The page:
LGBTQ+ community has a higher risk of being catfished than straight people, study reveals

Man using LGBTQ+ dating app. (Getty Images)
LGBTQ+ people experience higher rates of catfishing, posing, ghosting and 'cushioning' online. (Getty Images)

Those who identify as LGBTQ+ experience higher rates of 'bad behaviour' from other dating app users than those who are straight – including being catfished.

The online Cambridge Dictionary defines a catfish as: 'Someone who pretends on social media to be someone different, in order to attract other people', adding 'Online scammers and catfish usually have broad profile interests so that they can appeal to as many people as possible.'

When asked if they had experienced this before, 35% of those in the LGBTQ+ community said yes, compared to just 18% of heterosexual respondents, according to a new study by Currys.

Signs you're being catfished could include not finding who you're talking to elsewhere on the internet or seeing photos that don't match their dating profile, feeling like they're avoiding meeting up or any face-to-face contact (including virtually), being told conflicting stories among other clues.

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Woman looking confused while speaking to someone online, to represent being catfished. (Getty Images)
Does who you're chatting to online never want to FaceTime? You could be being catfished. (Getty Images)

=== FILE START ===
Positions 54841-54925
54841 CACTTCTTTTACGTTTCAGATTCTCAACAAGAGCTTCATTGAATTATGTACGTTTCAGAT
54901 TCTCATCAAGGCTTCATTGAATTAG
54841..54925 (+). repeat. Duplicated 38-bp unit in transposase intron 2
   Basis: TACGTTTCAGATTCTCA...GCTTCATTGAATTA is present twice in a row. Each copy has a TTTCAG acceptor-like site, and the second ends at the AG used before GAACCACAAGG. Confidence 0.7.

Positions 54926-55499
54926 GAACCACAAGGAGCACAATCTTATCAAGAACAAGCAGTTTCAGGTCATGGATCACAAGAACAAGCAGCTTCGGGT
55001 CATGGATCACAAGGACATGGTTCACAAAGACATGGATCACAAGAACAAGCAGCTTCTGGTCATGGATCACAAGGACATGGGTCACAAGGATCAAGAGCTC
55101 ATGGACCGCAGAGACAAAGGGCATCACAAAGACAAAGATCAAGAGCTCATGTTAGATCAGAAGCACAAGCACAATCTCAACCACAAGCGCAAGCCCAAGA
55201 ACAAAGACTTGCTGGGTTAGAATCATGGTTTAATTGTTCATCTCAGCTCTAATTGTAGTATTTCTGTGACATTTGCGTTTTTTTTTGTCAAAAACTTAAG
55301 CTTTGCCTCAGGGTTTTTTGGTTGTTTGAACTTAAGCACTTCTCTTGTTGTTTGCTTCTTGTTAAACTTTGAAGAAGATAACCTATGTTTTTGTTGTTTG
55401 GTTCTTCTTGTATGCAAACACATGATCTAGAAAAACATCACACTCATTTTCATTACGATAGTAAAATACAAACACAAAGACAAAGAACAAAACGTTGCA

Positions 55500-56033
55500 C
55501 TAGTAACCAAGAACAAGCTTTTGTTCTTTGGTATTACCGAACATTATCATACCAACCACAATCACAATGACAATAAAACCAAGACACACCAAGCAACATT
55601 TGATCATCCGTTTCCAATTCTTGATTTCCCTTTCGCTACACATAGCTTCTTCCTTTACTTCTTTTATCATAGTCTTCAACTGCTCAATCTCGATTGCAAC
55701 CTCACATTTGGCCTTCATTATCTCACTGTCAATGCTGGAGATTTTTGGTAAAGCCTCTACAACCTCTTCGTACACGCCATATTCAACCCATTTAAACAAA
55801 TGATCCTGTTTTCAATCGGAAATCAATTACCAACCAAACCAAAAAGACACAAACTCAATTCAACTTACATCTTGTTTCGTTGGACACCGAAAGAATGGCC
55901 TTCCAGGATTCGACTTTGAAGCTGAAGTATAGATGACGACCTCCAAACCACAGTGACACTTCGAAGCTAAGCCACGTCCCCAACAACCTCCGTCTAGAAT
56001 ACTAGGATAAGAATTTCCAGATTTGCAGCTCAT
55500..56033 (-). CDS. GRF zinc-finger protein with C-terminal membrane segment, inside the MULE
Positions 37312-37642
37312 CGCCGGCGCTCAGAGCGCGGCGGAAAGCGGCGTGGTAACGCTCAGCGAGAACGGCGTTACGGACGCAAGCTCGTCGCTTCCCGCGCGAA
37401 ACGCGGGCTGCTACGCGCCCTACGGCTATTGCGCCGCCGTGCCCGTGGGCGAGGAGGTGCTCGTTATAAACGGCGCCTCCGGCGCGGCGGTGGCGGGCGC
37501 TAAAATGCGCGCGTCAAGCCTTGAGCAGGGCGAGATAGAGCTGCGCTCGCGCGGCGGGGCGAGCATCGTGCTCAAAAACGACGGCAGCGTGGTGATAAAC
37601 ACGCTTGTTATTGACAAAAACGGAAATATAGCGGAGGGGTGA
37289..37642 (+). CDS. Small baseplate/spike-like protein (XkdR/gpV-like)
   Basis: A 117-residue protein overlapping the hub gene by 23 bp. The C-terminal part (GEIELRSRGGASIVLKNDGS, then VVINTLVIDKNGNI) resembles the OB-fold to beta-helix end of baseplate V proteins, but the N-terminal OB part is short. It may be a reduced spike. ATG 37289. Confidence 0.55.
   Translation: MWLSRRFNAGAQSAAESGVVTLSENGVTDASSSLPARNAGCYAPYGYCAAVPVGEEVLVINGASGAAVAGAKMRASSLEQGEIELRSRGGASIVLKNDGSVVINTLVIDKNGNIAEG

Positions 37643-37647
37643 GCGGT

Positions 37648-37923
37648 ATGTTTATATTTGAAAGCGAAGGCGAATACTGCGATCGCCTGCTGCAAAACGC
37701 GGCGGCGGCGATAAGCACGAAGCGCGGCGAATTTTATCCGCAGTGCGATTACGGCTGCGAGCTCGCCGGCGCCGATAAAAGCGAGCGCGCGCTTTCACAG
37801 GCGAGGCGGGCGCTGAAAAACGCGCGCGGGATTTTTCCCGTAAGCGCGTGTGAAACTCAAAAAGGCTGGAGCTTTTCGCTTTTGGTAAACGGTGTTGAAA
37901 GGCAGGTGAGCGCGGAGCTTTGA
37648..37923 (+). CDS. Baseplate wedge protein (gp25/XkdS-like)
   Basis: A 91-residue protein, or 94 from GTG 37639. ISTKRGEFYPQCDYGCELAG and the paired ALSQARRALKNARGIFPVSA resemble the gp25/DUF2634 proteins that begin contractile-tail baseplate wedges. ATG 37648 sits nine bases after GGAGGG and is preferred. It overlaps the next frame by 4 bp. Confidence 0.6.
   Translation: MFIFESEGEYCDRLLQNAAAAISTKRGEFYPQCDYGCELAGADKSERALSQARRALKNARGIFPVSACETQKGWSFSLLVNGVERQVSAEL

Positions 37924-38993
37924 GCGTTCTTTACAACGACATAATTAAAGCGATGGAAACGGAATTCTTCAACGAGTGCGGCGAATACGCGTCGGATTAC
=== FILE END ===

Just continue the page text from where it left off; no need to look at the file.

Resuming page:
This theme is similar across other 'bad' dating app behaviours. 'Posing' (pretending you're interested in a certain type of relationship when you're not) is something 24% of LGBTQ+ respondents have had to deal with, compared to 22% of straight ones.

Plus, the dreaded ghosting (ending all contact without explanation) has been experienced by a third of the community, but only a quarter of those who are straight.

Meanwhile, 'cushioning' (messaging other people casually in case a current committed relationship doesn't work out – also known as 'micro cheating'), has been experienced by 24% and 19% respectively.

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However, in a more positive light, the new study also shows that those who identify as LGBTQ+ are also more 'successful' on dating apps overall.

Some 13% of those in the community said they had 'met someone on a dating app who they then went on to marry/commit to long-term', whereas this is the case for just 8% of straight study participants.

So while it may be more challenging at times, it seems LGBTQ+ people have more luck with finding lasting love online.

The apps with the highest success rate for respondents in the community include Grindr (13.77%), Tinder, (11.59%), Plenty of Fish (10.14%), OkCupid (7.97%) and Happn (6.52%).